Actually Husband and I went out to lunch and I felt guilty about the poor gals who spent their Labour Day waiting on us; well, that is until I remembered that the point of Labour Day is really to celebrate the great gains in working conditions and wages won for us by our brothers and sisters in the unions in years past. Those gains are now legislated so that even the waitresses at the local diner have limits on shift length, a minimum wage rate and legal leave and holiday rules; they are protected from being sexually or otherwise harassed or abused on the job; and they would get time-and-a-half for working on Labour Day.

I left an extra big tip anyway.

It was a perfect Labour Day weekend; sunny, cool (low twenties) and golden. Yesterday because it is autumn and because we live where we live, we made the obligatory Labour Day Weekend trip to Harvey's Big Potato. The Harveys are an old and venerable farming family in the nearby farming community of Maugerville (which naturally is pronounced "Majorville", New Brunswick pronunciation rules being to language as Australian football rules are to sport).

The Harveys' roadside stand has grown and expanded until it is a true landmark and local mecca of harvest produce, baking, arcane local small press books and homemade sweets. As with so many of these local icons, your own included I suppose, a trip to the Big Potato is not so much your average trip to the store as it is a family outing. This is not the least because you are going to actually visit The Big Potato.

This is The Big Potato. It is made of concrete and rebar and other things that frighten small children. It stands guard outside the produce stand. It stands about 5 metres high. There is apparently some kind of local legend that the artist fashioned it to be a bit of a self-portrait, which may be one of the most frightening things I've ever heard, partly because there's another face on the other side of the, uh, statue.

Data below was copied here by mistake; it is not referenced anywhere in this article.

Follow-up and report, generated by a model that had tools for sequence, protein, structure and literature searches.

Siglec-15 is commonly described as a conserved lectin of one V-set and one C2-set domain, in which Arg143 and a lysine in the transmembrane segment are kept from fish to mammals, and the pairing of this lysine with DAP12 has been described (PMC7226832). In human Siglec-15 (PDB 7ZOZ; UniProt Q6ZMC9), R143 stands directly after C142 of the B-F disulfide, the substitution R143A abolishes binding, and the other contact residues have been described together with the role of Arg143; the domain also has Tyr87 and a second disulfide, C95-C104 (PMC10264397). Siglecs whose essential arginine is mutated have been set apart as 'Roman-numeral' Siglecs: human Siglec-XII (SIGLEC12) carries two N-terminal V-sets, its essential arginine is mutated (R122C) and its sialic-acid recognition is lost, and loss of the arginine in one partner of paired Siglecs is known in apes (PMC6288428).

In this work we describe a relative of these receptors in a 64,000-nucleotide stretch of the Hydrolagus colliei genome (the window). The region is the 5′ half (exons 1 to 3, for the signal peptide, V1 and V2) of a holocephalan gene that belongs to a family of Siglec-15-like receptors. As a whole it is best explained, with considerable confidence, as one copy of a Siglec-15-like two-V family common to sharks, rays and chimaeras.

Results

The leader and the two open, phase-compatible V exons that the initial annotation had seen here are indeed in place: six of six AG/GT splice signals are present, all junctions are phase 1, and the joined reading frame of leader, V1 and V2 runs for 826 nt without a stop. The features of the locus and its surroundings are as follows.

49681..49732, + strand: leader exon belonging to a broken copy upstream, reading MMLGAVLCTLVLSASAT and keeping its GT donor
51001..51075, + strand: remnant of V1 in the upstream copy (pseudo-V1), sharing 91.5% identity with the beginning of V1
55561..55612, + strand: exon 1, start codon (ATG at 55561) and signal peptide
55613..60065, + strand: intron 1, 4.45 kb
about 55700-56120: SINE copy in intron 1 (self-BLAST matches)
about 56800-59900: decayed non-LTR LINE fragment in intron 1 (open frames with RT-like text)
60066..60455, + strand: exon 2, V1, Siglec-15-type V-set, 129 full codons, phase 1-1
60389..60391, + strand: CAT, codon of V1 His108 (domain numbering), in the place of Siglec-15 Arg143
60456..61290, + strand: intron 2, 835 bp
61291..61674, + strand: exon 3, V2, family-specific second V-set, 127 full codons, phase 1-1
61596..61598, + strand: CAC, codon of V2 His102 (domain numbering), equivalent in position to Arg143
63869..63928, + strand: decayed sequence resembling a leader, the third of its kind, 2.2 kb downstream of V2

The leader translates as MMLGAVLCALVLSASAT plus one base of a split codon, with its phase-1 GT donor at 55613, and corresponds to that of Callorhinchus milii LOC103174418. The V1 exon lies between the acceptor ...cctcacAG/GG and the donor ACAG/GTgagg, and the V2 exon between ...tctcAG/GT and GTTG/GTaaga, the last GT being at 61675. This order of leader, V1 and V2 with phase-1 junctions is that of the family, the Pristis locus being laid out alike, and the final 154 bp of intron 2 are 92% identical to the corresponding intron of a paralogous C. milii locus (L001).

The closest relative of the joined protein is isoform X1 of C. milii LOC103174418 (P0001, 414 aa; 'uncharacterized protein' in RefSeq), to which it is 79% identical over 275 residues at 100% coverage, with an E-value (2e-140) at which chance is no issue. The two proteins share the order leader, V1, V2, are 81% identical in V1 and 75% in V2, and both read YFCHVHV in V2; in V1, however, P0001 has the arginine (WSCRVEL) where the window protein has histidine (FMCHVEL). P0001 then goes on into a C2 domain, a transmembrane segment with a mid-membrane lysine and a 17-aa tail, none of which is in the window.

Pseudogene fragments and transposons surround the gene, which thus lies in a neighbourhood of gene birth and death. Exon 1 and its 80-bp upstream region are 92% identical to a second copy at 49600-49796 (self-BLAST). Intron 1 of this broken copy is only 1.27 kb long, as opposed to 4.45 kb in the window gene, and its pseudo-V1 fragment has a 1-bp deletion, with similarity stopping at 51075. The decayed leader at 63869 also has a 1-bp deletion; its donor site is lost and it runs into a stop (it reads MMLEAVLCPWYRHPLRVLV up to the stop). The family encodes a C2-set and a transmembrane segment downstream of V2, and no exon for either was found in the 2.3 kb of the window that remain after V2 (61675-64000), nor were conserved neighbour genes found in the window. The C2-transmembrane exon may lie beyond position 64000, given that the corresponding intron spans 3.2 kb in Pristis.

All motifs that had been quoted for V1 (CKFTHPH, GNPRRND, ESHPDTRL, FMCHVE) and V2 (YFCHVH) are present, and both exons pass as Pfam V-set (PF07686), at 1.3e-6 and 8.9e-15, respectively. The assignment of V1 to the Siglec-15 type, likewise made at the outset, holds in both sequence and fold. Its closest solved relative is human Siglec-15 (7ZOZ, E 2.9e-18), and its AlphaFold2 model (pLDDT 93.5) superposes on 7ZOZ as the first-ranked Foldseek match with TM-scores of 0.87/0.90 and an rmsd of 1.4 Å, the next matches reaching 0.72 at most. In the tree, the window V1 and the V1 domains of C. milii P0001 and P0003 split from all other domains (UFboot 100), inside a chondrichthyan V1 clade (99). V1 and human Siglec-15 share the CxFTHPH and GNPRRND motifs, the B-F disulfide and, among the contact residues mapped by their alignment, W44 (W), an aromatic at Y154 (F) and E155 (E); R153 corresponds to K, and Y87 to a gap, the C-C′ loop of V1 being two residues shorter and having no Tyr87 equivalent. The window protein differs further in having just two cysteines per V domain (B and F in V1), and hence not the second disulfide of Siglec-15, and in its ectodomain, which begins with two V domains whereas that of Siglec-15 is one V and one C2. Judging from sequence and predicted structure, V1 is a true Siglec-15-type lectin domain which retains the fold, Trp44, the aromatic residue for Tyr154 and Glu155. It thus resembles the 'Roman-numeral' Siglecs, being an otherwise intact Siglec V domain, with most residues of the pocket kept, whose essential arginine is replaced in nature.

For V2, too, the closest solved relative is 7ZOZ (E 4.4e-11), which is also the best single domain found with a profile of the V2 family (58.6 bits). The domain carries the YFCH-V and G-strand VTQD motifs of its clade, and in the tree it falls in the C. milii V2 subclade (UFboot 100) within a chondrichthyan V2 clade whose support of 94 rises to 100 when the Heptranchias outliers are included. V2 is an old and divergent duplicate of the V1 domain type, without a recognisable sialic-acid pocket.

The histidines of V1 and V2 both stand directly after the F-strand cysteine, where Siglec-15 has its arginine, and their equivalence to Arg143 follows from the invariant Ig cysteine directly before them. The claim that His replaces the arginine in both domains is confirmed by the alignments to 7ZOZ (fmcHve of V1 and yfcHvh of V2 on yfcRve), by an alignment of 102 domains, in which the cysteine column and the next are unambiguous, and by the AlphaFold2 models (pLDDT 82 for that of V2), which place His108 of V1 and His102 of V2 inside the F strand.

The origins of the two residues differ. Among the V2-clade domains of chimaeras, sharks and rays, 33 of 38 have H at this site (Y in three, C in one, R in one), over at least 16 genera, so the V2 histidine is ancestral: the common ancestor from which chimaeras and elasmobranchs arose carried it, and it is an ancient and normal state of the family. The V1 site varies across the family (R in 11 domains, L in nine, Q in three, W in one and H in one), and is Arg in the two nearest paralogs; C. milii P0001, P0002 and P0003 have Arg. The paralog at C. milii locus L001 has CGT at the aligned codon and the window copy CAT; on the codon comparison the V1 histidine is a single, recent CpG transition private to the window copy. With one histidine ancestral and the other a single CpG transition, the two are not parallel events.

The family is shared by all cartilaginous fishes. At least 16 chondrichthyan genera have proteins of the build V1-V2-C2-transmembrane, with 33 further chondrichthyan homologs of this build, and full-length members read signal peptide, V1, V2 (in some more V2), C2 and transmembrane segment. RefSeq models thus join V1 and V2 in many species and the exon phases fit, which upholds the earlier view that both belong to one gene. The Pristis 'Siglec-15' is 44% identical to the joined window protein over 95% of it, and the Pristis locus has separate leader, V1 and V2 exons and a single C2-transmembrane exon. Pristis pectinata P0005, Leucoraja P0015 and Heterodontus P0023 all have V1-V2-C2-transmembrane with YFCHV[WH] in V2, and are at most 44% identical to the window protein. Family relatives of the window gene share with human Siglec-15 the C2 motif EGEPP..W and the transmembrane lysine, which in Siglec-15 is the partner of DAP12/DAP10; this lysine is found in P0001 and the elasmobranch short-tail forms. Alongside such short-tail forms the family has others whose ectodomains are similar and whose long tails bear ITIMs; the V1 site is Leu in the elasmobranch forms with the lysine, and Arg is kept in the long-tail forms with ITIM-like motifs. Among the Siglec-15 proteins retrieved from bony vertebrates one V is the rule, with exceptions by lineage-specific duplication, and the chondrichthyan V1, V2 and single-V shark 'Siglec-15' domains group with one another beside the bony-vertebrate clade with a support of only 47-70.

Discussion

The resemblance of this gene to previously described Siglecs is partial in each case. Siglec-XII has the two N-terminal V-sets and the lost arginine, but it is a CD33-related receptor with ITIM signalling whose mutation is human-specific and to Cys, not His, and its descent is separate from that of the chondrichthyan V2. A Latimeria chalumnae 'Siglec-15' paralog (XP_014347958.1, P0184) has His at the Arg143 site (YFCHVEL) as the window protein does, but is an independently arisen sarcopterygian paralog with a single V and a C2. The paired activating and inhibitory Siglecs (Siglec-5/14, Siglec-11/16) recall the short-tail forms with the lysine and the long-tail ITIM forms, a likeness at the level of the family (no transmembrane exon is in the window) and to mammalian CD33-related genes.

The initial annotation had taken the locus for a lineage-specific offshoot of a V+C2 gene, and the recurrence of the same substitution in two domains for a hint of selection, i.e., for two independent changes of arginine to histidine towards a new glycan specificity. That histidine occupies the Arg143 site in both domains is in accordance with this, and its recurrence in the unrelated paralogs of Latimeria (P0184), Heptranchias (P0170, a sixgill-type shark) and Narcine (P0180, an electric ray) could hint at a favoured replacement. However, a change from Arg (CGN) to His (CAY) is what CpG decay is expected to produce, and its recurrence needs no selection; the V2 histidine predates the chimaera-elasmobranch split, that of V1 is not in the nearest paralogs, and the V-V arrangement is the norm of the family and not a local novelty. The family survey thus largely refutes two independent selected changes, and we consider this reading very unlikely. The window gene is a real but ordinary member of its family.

Anyway, we got some lovely corn and tomatoes and some new potatoes, the buying of which was really secondary to the ritual of choosing them (each shopper knowing his or her secret method for selecting the ripest and sweetest was the best) and putting them in bags; and wandering around and fondling peppers and sniffing melons and poking wholegrain bread and seeing what local historian or academic you know had written a small press book lately ("Ooh, look, Susan's put out 'Stained Glass Windows of New Brunswick Churches!'") and 'chatting' about stuff (even with paper and pen) and being side-by-side with your neighbours.

If summer must end, what a lovely way to begin to end it.


Friday, September 03, 2004

There are worse things than being profoundly deaf.

My point - and I did have one - when I began talking about "Alain" yesterday was to mention to you a story he told me. I've noted before that right around the same time I lost all my hearing, "Alain's" office saw three other people here in town who had experienced the same thing (hence the 'virus' theory). He commented to me when I saw him last week that one of those people had been prescribed steroids as well, and that some of her hearing had returned.

I wish that was her happy ending but it isn't. Remember just before I lost the last of my hearing I mentioned that according to the tests, the sounds I was hearing had an 80% distortion rate?